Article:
The MBA degree is retaining its value for changing careers or turbo-charging long-term advancement prospects, notwithstanding the recent hiring hiccup and continued uncertainty over job prospects for the class of 2010.
Officials at a number of institutions report demand for summer associates is strong, in marked contrast to this time a year ago. "We're seeing more companies, more (interview) schedules, more offers," says Randy Allen, associate dean of the Johnson School, Cornell University's graduate business school.
Permanent job offers for this year's MBA class show signs of picking up too. Salaries, however, look to slip, according to Sharon Oster, dean of the Yale School of Management and a professor there.
Long-Term Value of the Degree
But starting salaries for new MBA holders might not be a useful gauge, no matter how much the media spotlight that particular measure. "The real question is, what does the arc of your career look like? What are you going to be able to do differently" after obtaining an MBA, says John Elliott, dean of the Zicklin School of Business at Baruch College. The majority of MBA students, he notes, aren't doing the program to make a linear jump along the same career path they were already on.
More important, the long-term advantages the degree can bring - a broad and deep education on management issues, and lasting friendships that can propel one's career path - are resilient to the vagaries of the business cycle. Oster refers to "option value," meaning a better chance of transferring to another field if need be.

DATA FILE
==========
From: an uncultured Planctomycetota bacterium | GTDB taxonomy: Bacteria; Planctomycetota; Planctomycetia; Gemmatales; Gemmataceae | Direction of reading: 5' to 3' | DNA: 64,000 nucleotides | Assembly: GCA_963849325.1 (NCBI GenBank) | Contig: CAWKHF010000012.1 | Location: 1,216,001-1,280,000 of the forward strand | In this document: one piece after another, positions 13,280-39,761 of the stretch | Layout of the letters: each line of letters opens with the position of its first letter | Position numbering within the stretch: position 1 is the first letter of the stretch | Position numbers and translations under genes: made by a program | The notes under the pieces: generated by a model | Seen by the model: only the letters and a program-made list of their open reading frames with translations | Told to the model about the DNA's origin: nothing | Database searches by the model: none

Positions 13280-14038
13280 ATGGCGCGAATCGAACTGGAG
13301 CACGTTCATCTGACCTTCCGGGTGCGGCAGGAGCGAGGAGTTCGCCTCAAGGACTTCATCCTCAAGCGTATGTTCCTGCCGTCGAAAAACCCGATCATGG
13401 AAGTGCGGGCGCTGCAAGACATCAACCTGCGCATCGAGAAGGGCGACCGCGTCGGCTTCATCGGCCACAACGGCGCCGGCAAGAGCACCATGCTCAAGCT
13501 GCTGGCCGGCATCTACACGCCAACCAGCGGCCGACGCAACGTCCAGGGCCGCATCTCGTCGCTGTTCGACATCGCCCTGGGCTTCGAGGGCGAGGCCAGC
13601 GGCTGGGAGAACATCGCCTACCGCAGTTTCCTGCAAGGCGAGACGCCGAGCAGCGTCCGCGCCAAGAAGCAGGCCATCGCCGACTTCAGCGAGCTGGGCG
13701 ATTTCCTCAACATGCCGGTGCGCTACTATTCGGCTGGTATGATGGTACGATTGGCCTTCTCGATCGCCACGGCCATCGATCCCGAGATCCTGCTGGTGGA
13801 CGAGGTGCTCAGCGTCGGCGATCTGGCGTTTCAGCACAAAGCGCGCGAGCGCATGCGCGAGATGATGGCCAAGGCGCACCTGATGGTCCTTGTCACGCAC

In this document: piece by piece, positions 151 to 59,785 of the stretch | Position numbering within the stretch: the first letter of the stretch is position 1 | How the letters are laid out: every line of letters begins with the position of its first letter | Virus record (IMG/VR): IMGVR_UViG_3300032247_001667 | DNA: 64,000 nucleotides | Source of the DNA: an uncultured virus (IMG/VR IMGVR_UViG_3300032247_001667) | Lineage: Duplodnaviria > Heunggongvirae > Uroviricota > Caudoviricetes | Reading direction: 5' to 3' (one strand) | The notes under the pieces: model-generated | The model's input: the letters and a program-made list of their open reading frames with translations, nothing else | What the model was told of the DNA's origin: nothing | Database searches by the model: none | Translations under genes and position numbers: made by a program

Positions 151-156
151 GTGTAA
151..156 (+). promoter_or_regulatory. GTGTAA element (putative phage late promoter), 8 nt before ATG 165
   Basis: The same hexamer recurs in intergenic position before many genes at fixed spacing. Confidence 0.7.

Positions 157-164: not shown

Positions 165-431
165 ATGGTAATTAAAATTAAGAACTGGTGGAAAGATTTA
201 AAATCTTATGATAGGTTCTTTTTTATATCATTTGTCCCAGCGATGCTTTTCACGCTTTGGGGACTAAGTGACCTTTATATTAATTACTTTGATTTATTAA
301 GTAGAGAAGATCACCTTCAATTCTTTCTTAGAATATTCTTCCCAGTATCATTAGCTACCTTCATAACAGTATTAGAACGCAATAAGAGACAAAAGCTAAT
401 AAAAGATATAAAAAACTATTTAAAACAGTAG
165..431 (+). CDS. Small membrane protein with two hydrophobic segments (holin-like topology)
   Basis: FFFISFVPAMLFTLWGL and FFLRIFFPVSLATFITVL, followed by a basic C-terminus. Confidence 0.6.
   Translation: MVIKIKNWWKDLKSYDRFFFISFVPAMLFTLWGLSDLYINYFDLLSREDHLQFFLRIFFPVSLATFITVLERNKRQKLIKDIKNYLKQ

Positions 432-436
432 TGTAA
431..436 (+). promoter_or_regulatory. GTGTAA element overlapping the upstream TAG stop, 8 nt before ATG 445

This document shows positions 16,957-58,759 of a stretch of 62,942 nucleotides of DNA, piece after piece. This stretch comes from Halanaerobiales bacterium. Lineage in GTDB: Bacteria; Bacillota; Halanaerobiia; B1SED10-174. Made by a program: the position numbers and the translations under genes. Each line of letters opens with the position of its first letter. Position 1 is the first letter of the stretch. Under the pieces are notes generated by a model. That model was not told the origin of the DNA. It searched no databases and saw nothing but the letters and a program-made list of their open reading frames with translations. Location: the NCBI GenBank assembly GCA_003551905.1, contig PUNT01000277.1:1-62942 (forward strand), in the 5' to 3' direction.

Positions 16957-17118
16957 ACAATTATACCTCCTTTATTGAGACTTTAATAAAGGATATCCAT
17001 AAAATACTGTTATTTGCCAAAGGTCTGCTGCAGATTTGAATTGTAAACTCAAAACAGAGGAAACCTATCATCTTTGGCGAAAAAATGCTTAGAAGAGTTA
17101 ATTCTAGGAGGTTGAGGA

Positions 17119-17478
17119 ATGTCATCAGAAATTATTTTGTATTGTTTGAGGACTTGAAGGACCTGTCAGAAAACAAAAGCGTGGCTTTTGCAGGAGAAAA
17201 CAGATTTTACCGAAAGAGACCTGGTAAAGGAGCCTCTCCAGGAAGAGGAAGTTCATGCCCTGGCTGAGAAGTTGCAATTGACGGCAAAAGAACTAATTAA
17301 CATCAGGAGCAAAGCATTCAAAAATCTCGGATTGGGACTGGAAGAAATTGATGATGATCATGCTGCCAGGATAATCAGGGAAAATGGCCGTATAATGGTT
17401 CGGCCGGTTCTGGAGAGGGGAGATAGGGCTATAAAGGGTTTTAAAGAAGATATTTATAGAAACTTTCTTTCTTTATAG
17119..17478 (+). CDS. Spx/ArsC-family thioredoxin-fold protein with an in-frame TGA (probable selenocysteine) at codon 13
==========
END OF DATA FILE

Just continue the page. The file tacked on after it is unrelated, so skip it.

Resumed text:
Other MBA Program Trends
- The proportion of Executive MBA program participants whose tuition is paid for by employers continues to shrink. As a result, schools are giving EMBA participants access to career services that at one time were restricted to full-time students.
- Applications are "way up," Oster says, as the recession has reduced the perceived opportunity cost of leaving the work force to attend school.
- MBA students' average age and years of business experience prior to business school are declining. Whereas a decade ago new entrants were expected to have roughly four years' experience, today it's closer to two years.
- In emerging economies, both demand and salaries for MBA holders is on the rise.
- Both students and alumni are demanding more career services, and institutions have stepped up career services to alumni, according to Allen.
- That's helping career services avoid the brunt of university-wide budget cuts due to endowment losses and shrinking state and local resources. Yale's Oster says she's cutting back IT and marketing staff, but not career services.